Enduring power of attorney

If you are going overseas or for some other reason need someone to make financial and property decisions, you could consider appointing a trusted person to have your enduring power of attorney or power of attorney. You should think carefully about who you ask to do this and get legal advice before doing this as there is potential for the power to be abused.

This webpage has information on what an enduring power of attorney is, the difference between a power of attorney and an enduring power of attorney, the risks with making an enduring power attorney and what you should do with the document if you make one.

It also has information on what you can do if you think an attorney is not acting in the best interests of the person who gave them the power.

What is an enduring power of attorney?

An enduring power of attorney is a legal document that allows you to choose a trusted person (or two trusted persons) called an 'attorney' or 'donee', to make financial or property decisions for you.

You can choose whether your enduring power of attorney starts immediately, or only after you are unable to make decisions.

You can choose to allow your attorney to make any decision about your finances or property or limit the decisions they may make for you. For example, you might only give your attorney(s) the power to:

  • operate your bank account(s)
  • pay your bills and debts, and
  • buy and sell real estate for you.

How is an enduring power of attorney different to a power of attorney?

Unlike a power of attorney, an enduring power of attorney remains valid after the donor loses legal capacity.

What does legal capacity mean in this context?

If you have full legal capacity, you are able to understand the nature and effect of any legal documents you are completing or have completed and the nature and extent of your property. 

Sometimes people lose capacity due to dementia, stroke, being in a coma, Alzheimer's, mental illness, accident, trauma, acquired brain injury, or for other reasons.

What are the risks with making an enduring power of attorney?

It is important that you carefully consider who you wish to be your attorney as they will have broad powers, and sometimes those powers are abused.

It is important that the person you choose is trustworthy and reliable as they will be able to make decisions for you, at times when you are not capable of making those decisions yourself. You should choose someone who understands your values and preferences, and who will make decisions in your best interests.

What should I do with my enduring power of attorney?

If you decide to make an enduring power of attorney, it is important to keep the original in a safe place and to give a copy to relevant people and organisations. For example, you should give a copy of it to your nominated attorney(s), your bank, your accountant, and Landgate if you own property.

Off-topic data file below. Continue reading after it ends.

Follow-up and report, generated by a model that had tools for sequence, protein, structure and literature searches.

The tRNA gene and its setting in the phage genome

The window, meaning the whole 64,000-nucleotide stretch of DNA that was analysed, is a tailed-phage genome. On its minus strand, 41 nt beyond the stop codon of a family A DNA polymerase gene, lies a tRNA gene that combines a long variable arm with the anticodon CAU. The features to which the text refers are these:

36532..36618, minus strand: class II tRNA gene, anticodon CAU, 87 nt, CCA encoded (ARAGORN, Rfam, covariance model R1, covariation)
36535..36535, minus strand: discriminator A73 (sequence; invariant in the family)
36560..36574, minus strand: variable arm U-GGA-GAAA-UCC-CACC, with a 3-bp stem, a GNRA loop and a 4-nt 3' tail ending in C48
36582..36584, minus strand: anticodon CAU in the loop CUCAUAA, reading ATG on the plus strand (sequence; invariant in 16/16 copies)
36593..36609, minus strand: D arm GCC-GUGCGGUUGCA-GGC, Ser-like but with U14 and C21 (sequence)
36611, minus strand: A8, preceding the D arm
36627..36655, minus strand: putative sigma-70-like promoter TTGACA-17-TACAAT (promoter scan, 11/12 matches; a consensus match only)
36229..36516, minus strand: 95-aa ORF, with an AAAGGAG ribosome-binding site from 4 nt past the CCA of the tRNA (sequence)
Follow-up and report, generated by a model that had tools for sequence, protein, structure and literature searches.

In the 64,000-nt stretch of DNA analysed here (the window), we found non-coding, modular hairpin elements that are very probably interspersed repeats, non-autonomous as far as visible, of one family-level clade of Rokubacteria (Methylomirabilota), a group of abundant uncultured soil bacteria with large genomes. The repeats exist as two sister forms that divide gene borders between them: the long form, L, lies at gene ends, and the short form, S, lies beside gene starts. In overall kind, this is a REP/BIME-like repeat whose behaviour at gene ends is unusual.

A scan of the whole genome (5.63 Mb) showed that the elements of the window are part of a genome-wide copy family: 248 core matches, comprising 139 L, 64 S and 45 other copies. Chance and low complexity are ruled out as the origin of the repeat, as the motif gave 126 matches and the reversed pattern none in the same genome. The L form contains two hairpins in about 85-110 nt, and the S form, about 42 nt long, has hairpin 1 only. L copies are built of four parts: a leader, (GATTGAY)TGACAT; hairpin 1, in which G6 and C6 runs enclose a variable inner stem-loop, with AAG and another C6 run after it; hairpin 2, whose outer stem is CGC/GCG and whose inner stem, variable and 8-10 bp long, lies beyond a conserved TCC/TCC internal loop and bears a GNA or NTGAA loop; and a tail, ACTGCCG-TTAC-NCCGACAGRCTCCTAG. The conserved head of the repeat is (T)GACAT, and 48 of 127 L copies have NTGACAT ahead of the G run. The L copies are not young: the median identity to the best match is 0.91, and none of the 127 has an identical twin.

What if I think the attorney/donee is not acting in the best interests of the donor?

If you think an attorney or donee:

  • is not acting in the best interests of a donor, or
  • may be abusing the donor,

 you can contact the Office of the Public Advocate's telephone advisory service on 1300 858 455 (freecall).

If the Office of the Public Advocate decides follow up is needed, the Public Advocate will investigate and/or refer the matter to the Western Australian police.

Get help

Our Civil Law Division may be able to give you general advice about an enduring power of attorney. 

Legal Aid WA, through the Civil Law Division’s Elder Rights WA service can provide information and advice on enduring powers of attorney for clients over 65 and First Nations and CALD clients over 55 but does not draft enduring powers of attorney.

You can also telephone the Public Trustee on 1300 746 116 (new inquiries) for help with preparing enduring powers of attorney (fees are payable).

The Citizens Advice Bureau (08) 9221 5711 also helps with drafting enduring powers of attorney (a fee applies) and has information on Enduring Powers of Attorney on its website.  

More information

The Public Trustee - Department of Justice has information on enduring powers of attorney.

The Office of the Public Advocate (1300 858 455 or (08) 9278 7300) has a telephone advisory service from 9.00am -5.00pm Monday to Friday (recorded information is available at other times) and a guideinformation kit,  information sheets and easy reads fact sheets.

You can contact the State Administrative Tribunal on (08) 9219 3111 or 1300 306 017 (cost of a local call) for information on applications for intervention into enduring powers of attorney.

Landgate also has information about enduring powers of attorney.


Reviewed: 2 May 2024


Elder Rights WA

Find out about our specialist service dedicated to safeguarding the rights of older Western Australians and preventing elder abuse.


The information displayed on this page is provided for information purposes only and does not constitute legal advice. If you have a legal problem, you should see a lawyer. Legal Aid Western Australia aims to provide information that is accurate, however does not accept responsibility for any errors or omissions in the information provided on this page or incorporated into it by reference.